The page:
7. 7. When the Null Hypothesis Is True Slide 7 When the null hypothesis is true: H0: m x = m =m We would expect the sample means to be nearly equal, as in this illustration. And we would expect the variation among the sample means (between sample) to be small, relative to the variation found around the individual sample means (within sample). x If the null hypothesis is true, the numerator in the test statistic is expected to be small, relative to the denominator: x F(r-1, n-r)= Estimate of variance based on means from r samples Estimate of variance based on all observations Analysis of Variance By Shakeel Nouman M.Phil Statistics Govt. College University Lahore, Statistical Officer sample
  8. 8. When the Null Hypothesis Is False x x x Slide 8 When the null hypothesis is false: is equal tom but not to , m m but not to , m is equal tom m but not to , or m is equal tom m ,m , andm are all unequal. m In any of these situations, we would not expect the sample means to all be nearly equal. We would expect the variation among the sample means (between sample) to be large, relative to the variation around the individual sample means (within sample). If the null hypothesis is false, the numerator in the test statistic is expected to be large, relative to the denominator: F(r-1, n-r)= Estimate of variance based on means from r samples Estimate of variance based on all sample observations Analysis of Variance By Shakeel Nouman M.Phil Statistics Govt. College University Lahore, Statistical Officer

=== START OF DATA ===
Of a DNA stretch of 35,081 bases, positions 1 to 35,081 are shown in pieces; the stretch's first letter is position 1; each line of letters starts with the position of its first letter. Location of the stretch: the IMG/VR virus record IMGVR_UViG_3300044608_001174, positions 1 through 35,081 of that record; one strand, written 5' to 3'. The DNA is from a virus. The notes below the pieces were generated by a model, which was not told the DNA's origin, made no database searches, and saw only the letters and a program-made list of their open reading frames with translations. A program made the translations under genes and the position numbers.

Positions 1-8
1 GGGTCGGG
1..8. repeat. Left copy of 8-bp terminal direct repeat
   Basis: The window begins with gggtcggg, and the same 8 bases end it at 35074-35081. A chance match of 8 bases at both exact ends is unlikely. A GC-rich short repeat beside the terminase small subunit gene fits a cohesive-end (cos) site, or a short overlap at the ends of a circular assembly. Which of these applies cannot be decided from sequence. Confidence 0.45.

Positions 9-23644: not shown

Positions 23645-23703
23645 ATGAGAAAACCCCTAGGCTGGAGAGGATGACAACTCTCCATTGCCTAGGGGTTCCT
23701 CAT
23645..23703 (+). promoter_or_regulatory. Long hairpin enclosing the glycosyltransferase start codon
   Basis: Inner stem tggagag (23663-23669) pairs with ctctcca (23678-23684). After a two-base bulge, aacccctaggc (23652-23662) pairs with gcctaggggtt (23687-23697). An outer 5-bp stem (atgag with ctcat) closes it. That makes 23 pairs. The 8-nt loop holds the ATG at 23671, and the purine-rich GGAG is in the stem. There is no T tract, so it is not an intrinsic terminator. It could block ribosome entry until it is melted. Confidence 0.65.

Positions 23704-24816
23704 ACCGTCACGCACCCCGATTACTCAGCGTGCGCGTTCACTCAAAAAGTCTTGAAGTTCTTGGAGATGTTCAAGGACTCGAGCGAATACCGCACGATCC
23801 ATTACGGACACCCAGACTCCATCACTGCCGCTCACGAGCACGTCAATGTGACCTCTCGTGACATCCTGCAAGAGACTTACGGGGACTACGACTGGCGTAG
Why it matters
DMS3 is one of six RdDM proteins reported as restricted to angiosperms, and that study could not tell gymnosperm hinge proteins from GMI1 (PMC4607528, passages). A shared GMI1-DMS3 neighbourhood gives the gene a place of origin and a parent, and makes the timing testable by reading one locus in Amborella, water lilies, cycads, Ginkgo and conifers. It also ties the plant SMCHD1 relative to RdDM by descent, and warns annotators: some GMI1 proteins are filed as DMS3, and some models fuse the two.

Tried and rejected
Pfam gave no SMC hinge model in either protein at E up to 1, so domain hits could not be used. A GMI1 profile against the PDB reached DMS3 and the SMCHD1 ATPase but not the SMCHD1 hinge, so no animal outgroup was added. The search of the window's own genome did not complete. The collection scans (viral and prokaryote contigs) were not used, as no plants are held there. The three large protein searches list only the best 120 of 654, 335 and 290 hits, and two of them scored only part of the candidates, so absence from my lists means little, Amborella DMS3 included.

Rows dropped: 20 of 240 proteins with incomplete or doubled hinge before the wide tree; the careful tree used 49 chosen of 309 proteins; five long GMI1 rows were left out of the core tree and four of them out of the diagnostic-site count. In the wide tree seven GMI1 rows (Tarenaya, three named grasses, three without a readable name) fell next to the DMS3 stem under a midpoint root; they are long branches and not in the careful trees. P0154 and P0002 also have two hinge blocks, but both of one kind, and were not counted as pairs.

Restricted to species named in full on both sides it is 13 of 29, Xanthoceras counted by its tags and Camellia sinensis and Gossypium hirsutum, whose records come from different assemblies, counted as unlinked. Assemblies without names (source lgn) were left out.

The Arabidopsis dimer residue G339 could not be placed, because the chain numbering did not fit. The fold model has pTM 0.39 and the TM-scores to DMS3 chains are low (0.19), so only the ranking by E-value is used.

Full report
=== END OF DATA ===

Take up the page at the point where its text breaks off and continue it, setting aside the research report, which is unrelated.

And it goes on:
9. 9. The ANOVA Test Statistic for r = 4 Populations and n = 54 Total Sample Observations Slide 9 • Suppose we have 4 populations, from each of which we draw an independent random sample, with n1 + n2 + n3 + n4 = 54. Then our test statistic is: • F(4-1, 54-4)= F(3,50) = Estimate of variance based on means from 4 samples Estimate of variance based on all 54 sample observations F Distribution with 3 and 50 Degrees of Freedom 0.7 0.6 f(F) 0.5 0.4 0.3 0.2 a=0.05 0.1 0.0 0 1 2 3 2.79 4 5 F(3,50) The nonrejection region (for a=0.05)in this instance is F £ 2.79, and the rejection region is F > 2.79. If the test statistic is less than 2.79 we would not reject the null hypothesis, and we would conclude the 4 population means are equal. If the test statistic is greater than 2.79, we would reject the null hypothesis and conclude that the four population means are not equal. Analysis of Variance By Shakeel Nouman M.Phil Statistics Govt. College University Lahore, Statistical Officer
  10. 10. Example 9-1 Slide 10 Randomly chosen groups of customers were served different types of coffee and asked to rate the coffee on a scale of 0 to 100: 21 were served pure Brazilian coffee, 20 were served pure Colombian coffee, and 22 were served pure African-grown coffee. The resulting test statistic was F = 2.02 H :m  m  m 0 1 2 3 F Distribution with 2 and 60 Degrees of Freedom H : Not all three means equal 1 0.7 n = 21 n = 20 1 2 0.5 n = 22 n = 21 + 20 + 22 = 63 3 0.2 The critical point for a = 0.05 is :    r -1,n-r  0.4 0.3 r=3 F f(F) 0.6  F    F  2.02  F    31,633  2,60   F    2,60  a=0.05 0.1 0.0  3.15 0 1 Test Statistic=2.02 2 3 4 F(2,60)=3.15  3.15 H cannot be rejected, and we cannot conclude that any of the 0 population means differs significan tly from the others. Analysis of Variance By Shakeel Nouman M.Phil Statistics Govt. College University Lahore, Statistical Officer 5 F